Following the Rules

On a recent morning, it dawned on me – at dawn – that the rules of political life are much like the rules of boxing: they are structured to favor specific people, but are applied as if they are neutral, perfect rules.

Boxing is governed by rules that favor upper body strength. The only legitimate targets are the body and the upper torso; hitting “below the belt” is strictly prohibited. Despite the fact that boxing is a sport, anyone who does not follow boxing rules in an actual fight outside the ring – such as a woman defending herself against a man or a boy defending himself against a bully – is considered a “cheater.”

Applying the rules of sport fighting like boxing to real life, we get a culture that accepts without question that women can’t protect themselves from men because men are “bigger.” But in a self defense situation, no one should be following “rules” that put them at a disadvantage.

The political rules don’t rely on physical strength and many of them are unofficial, but they’re biased in favor of a rich white male status quo. Money is fundamental – you can’t succeed in politics without it – but so are gender and race. Our image of a leader continues to be a white man. Someone who fits that image can be rude, loud, and even very, very stupid and still get elected. Women and people of color must always be polite and never shout, and they only get away with being stupid if they’re firmly allied with the white male power structure (see a couple of examples in the current cabinet).

We magnify this problem by demanding that women of all races and ethnicities be perfect, decrying them both when they stray from being ladylike and when they don’t seem to be sufficiently forceful. Similar strictures apply to men of color: they can never show anger, even when anger is the appropriate response.

Women can fight men. Body size makes a difference, but the difference it makes is in how you fight, not whether or not you can fight successfully. If you structure a fight to favor large men, they will win most of the fights, but that’s a function of the rules, not of fighting. The same can be said of politics.

Rich white men are only in charge because the rules favor them. They also continue to expand the rules to cement that power. The epidemic of campaigns that make it difficult to both register and vote are one example, while gerrymandering districts to dilute the effect of voters of color or young voters is another.

Those of us who are tired of having our society run by and for wealthy white men must defy the unwritten rules and change the written ones. Give women and people of color who run the same latitude that rich white men get. Sue to challenge voter suppression and gerrymandering. Run for office. Get people out to vote.

If we change the rules, we can change it all.

Share

Comments

Following the Rules — 5 Comments

  1. I have completed reading Blanche Wiesen Cook’s three volume (3 very long books) biography of Eleanor Roosevelt. The parallels between the worlds in which she grew up — the Gilded Age / the Age of Horrors — the Depression, and then WWII and following — and our own Age of Horrors, are, well, horrifying. The sheer hatred of maybe even the majority of this nation for those who are poor, people of color, Jews, refugees, migrants, WOMEN, particularly women who dare to open their mouths, who earn money, who politically campaign, and campaign for CAUSES, for all those we hate — is horrifying. How many approved of Hitler and Mussolini, who learned their tactics from lynching and Jim Crow / apartheid — is equally terrifying. We sold supplies and armaments to Germany and Italy and Franco’s fascists throughout until actual declaration of war, but because of our “Neutrality Act” we refused to sell to Spain’s Republicans.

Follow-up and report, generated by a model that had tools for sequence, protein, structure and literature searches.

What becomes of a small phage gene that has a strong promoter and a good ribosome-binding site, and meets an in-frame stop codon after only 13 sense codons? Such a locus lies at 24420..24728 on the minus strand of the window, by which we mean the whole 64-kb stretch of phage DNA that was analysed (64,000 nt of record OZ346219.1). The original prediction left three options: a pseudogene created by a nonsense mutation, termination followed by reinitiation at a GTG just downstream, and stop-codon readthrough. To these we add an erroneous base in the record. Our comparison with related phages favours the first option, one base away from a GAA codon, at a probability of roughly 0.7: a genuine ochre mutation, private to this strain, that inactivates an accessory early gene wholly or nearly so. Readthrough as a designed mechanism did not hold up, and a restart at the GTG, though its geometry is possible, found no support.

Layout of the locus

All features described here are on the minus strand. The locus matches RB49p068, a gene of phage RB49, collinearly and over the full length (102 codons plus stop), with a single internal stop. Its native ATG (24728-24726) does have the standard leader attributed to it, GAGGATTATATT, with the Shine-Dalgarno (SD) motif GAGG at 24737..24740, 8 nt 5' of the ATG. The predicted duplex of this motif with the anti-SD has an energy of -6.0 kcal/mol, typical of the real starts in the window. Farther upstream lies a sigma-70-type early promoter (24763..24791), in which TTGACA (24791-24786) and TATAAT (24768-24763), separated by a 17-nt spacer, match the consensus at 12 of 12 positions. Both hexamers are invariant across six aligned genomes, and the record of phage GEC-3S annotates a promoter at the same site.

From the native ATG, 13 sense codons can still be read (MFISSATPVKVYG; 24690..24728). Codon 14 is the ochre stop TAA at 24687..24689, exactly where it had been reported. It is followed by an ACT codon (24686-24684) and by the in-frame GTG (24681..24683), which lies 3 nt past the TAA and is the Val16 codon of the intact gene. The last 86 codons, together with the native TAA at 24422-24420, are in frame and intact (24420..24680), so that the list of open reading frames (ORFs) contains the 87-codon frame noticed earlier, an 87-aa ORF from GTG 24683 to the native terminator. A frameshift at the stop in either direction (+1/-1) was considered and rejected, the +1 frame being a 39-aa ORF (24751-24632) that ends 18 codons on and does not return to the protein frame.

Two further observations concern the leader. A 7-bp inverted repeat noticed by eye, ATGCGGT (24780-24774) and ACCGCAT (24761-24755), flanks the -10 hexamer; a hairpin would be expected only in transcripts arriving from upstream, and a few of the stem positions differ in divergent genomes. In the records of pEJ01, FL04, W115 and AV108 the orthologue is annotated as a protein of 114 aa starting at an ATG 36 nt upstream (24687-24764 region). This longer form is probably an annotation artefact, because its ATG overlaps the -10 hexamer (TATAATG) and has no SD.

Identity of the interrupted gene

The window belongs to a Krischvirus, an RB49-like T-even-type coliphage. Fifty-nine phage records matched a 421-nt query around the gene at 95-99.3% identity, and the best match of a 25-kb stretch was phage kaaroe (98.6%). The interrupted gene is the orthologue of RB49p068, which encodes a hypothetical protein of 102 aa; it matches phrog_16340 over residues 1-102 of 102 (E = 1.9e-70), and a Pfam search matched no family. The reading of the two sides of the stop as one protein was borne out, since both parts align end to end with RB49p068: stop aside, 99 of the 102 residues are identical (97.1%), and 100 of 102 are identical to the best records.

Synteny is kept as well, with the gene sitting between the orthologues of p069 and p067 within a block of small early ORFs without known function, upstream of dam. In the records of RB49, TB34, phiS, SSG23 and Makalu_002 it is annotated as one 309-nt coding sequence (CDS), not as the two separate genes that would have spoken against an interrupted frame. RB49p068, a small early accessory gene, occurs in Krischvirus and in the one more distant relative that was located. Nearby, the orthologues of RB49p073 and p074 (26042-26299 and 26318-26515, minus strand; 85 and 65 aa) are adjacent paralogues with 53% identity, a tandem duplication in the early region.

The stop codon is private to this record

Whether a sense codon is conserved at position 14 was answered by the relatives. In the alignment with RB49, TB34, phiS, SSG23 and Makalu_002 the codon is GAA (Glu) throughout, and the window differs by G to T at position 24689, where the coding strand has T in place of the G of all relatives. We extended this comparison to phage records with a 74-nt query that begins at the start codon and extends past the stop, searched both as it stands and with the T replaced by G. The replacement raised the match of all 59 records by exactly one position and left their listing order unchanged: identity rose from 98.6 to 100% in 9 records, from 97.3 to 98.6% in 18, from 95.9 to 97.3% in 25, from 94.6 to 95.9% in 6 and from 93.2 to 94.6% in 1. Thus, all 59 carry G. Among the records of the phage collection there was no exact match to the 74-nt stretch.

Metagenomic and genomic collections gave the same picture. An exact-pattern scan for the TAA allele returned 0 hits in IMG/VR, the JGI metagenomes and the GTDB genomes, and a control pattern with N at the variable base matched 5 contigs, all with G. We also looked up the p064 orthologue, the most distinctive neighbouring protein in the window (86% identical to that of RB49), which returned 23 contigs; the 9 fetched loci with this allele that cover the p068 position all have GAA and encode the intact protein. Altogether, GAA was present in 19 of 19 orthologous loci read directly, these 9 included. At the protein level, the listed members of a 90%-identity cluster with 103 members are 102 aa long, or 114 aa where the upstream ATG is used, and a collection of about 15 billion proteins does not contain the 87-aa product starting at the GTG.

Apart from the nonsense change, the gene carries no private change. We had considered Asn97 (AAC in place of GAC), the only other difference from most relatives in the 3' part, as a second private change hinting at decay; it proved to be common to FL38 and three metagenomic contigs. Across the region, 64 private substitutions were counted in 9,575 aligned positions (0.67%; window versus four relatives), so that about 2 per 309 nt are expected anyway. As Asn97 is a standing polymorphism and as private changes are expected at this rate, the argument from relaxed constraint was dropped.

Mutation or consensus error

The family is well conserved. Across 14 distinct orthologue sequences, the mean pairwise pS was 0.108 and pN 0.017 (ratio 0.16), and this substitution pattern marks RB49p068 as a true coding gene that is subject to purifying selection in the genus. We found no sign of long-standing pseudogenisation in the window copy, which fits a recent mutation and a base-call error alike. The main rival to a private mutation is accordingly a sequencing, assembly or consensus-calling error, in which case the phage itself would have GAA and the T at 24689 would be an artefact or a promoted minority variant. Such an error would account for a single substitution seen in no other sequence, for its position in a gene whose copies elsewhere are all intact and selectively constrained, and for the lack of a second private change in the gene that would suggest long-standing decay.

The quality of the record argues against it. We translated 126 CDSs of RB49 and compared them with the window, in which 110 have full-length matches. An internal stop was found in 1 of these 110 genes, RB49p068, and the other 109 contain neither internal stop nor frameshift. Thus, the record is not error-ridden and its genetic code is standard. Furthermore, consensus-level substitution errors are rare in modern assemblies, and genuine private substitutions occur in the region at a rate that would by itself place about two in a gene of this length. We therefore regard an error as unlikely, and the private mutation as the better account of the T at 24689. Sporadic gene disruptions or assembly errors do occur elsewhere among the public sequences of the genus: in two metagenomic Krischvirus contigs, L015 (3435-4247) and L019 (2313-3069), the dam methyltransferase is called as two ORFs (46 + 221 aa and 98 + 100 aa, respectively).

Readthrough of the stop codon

As we can’t scream commie and red at everyone who isn’t a hater now, because, you know, Russia and Putin and the Philippines and white supremacists authoritarians are truly admirable, it’s still people of color and the poor we’ve got to demonize and socially progressive and reformist individual or group.

    We have more people in prison than China . . . and we’re sodomized every moment by the digital giants, and here we are.

    • I just read Her Own Hero by historian Wendy L. Rouse, which documents the way women in the early 20th Century studied boxing and jutitsu (my review is forthcoming in The Cascadia Subduction Zone. Just as with second wave feminism, there was a focus on self defense and physical fitness that accompanied the suffragist work. So I’m seeing the ties very clearly. I think there are a lot of patterns like that. We discover things, make some progress, and then lose a few steps. I’m tired of losing those steps.

  2. I’m writing a novel about this. If the political structure is set up and run for the benefit of white men of wealth, how can a woman operate? To make it more invidious the work is set in 1866.

    • She can either be a rebellious activist, a la many in the suffrage movement, or she pick a likely man and manipulate him. The 19th Century didn’t give women many choices, which is why I’d rather work with SF than historical fiction.

      Be interesting to see what you do with it.

      • Or, she could withdraw from regular society, a la Emily Dickinson, and forge her own path and identity away from the constraints of social expectation. Isolating, for sure, but she stayed true to her own vision, and the world is still fascinated and influenced by her.

        I can think of many other instances of women who manage to subvert the status quo in order to establish their own personhood; they may not necessarily break down the prevailing social structures—they may not even be known outside their own circles—but they do undermine them in intriguing ways.